Dividends, Portfolio, Reading List

The magic dividend formula

What if I told you that there was a way to glimpse into the future? To somewhat accurately estimate the future returns on your investments? Well, with dividend investing  there is a way. Its called the Gordon Growth Model or as I like to call it, the Magic Dividend Formula.

You may be surprised to hear me talk about forecasting given that I’ve ranted before on the folly of forecasting. My rant had more to do with overall forecasting methods rather than the principle of it. After all, when we buy any investment we have an expectation of the future cash flows that the investment gives off. Investing is inherently about the future. The type of forecasting that I dislike uses earnings, relative prices, and macro economic themes all of which are subject to way too many unknowns. But there is a better way – forecasting based on dividends and dividend growth. Dividends are known at the time of investment so no forecasting necessary and dividend growth can be conservatively estimated using long term historical growth rates. That’s it. One unknown variable. Lets dive into the details of the Gordon Growth Model.

The Magic Dividend Formula

The simplest form of the Gordon Growth Model says that a dividend stock’s return is defined by;

Expected Return = Dividend Yield + Dividend Growth Rate

That’s it. The dividend yield is known so all you need to do is to estimate the dividend growth rate. And if one uses long term dividend growth rates the model becomes quite accurate. I’ve hinted at this model before. The analysis in my post on how dividends account for 80-100% of historical stock market returns is based on this model. Using the S&P500 historical data going back to 1871 is pretty telling. In 1871 the dividend yield on the index was 5.86%(can you imagine?). As of the end of 2009 the dividend growth rate on the index has been 3.28% annually. Thus the model would say that the total returns on the index during that time would be 9.13% (5.86% + 3.28%). The actual return of the index during that time period, 1871-2009, was 8.53%. Pretty close given the 138 year time frame. The difference in the two numbers is due to the change in valuation during that time. More on that in a minute.

Let use a more recent example from one of my favorite asset classes, MLPs. At the inception of the Alerian MLP index, it was yielding 8.98% in 1995. Over the next 15 years, through 2010,  the dividends from the index grew at a 7.78% annual rate. Given this, one would expect a total return over that time period of 16.76%. The actual total return on the index was 16.78%. Again, pretty darn accurate. The difference of .02% annually was due to valuation changes. Turns out you can add the change in valuation to the formula to arrive at a more complete version of the model which says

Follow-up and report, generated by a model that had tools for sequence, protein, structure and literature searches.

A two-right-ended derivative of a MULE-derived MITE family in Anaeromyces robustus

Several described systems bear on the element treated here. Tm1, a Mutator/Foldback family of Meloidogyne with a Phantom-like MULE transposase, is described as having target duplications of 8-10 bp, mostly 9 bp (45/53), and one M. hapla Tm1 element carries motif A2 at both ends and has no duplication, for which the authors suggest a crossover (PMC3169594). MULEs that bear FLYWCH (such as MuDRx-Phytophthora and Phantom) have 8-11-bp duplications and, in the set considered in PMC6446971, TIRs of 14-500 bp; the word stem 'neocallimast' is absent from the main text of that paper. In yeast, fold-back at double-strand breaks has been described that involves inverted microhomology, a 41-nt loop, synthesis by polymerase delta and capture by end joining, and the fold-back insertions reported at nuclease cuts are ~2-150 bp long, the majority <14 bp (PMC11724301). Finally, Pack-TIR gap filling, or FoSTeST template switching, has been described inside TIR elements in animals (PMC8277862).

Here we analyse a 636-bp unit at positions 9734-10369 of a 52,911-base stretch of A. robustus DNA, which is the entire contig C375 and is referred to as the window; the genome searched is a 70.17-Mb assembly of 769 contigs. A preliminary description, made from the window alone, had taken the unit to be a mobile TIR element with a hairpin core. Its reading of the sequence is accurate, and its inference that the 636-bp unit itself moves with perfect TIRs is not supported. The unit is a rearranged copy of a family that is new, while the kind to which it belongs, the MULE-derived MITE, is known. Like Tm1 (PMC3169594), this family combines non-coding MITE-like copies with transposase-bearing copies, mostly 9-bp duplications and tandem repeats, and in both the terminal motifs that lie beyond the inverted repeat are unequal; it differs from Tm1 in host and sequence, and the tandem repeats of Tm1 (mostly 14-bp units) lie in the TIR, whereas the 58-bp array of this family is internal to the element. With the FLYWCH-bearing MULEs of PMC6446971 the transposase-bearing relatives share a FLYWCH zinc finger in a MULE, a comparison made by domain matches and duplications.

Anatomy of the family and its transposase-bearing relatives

Expected Return = Dividend Yield + Dividend Growth Rate + Annual Change in Valuation

All in all pretty simple. No complex DCF analysis. No P/E ratios. No forecasting of interest rates. No ‘macro themes’ to worry about. Just tried and true long term investment principles. Going back to one of my favorite investment mantras from Ben Graham, ‘in the short term the market is a voting machine, in the long term it is a weighing machine’.

Using the Magic Dividend Formula

There are many ways to use the Gordon Growth Model. I use it to estimate a range of forward returns on individual dividend paying stocks for a holding period of at least five years. I use a five year holding period estimate because that is usually enough to ignore any changes in valuation. Then I estimate a dividend growth rate range for the next five years. My base assumption on growth rate is the long term historical growth rate of dividends for the overall market which as I stated above is about 3%. This number is remarkably consistent over history. The reason? It basically follows the long term historical growth rate of the economy. After all, how can any business grow dividends forever at a faster rate than overall economic growth. My upper assumption on dividend growth rates is usually an average of the last 3-5yr dividend growth rate for the company. Let me use Enterprise Products Partners (EPD) as an example. Its current dividend yield is 5.5%. Its dividend growth rate over the last several years is about 5%. Long term dividend growth rates for all stocks is 3%. Thus, my range of expected return over the next 5 years is 8.5% to 10.5%.

One note on stocks that are currently in your investment portfolio. The same model and analysis applies except that one should substitute yield on cost for current yield in the calculation of expected returns. Again, for EPD, a stock I have held for over 5 years my yield on cost is about 10%. My personal expected range of returns for the next 5 years is then 13% to 15%.

The last part of my process is to apply a margin of safety to my expected return calculations and then to compare them to my required rate of return. My long term goal is to compound my investments at an annual return of 10%. Also, I realize that while I’m using a model with only one unknown and that I’ve been conservative in estimating that unknown variable there are many things that can go wrong especially with the stock of a single company. Thus I apply a margin of safety to my return calculations. My 10% annual return then becomes 13% with a required margin of safety of 25%.


The Gordon Growth Model is a truly the Magic Dividend Formula that allows an investor to evaluate investments based on dividends alone. I’ve shown one way to use the model to estimate future returns. There are several other uses of the model which I’ll explore in later posts.



Full Disclaimer - Nothing on this site should ever be considered advice, research or the invitation to buy or sell securities. These are my personal opinions only.

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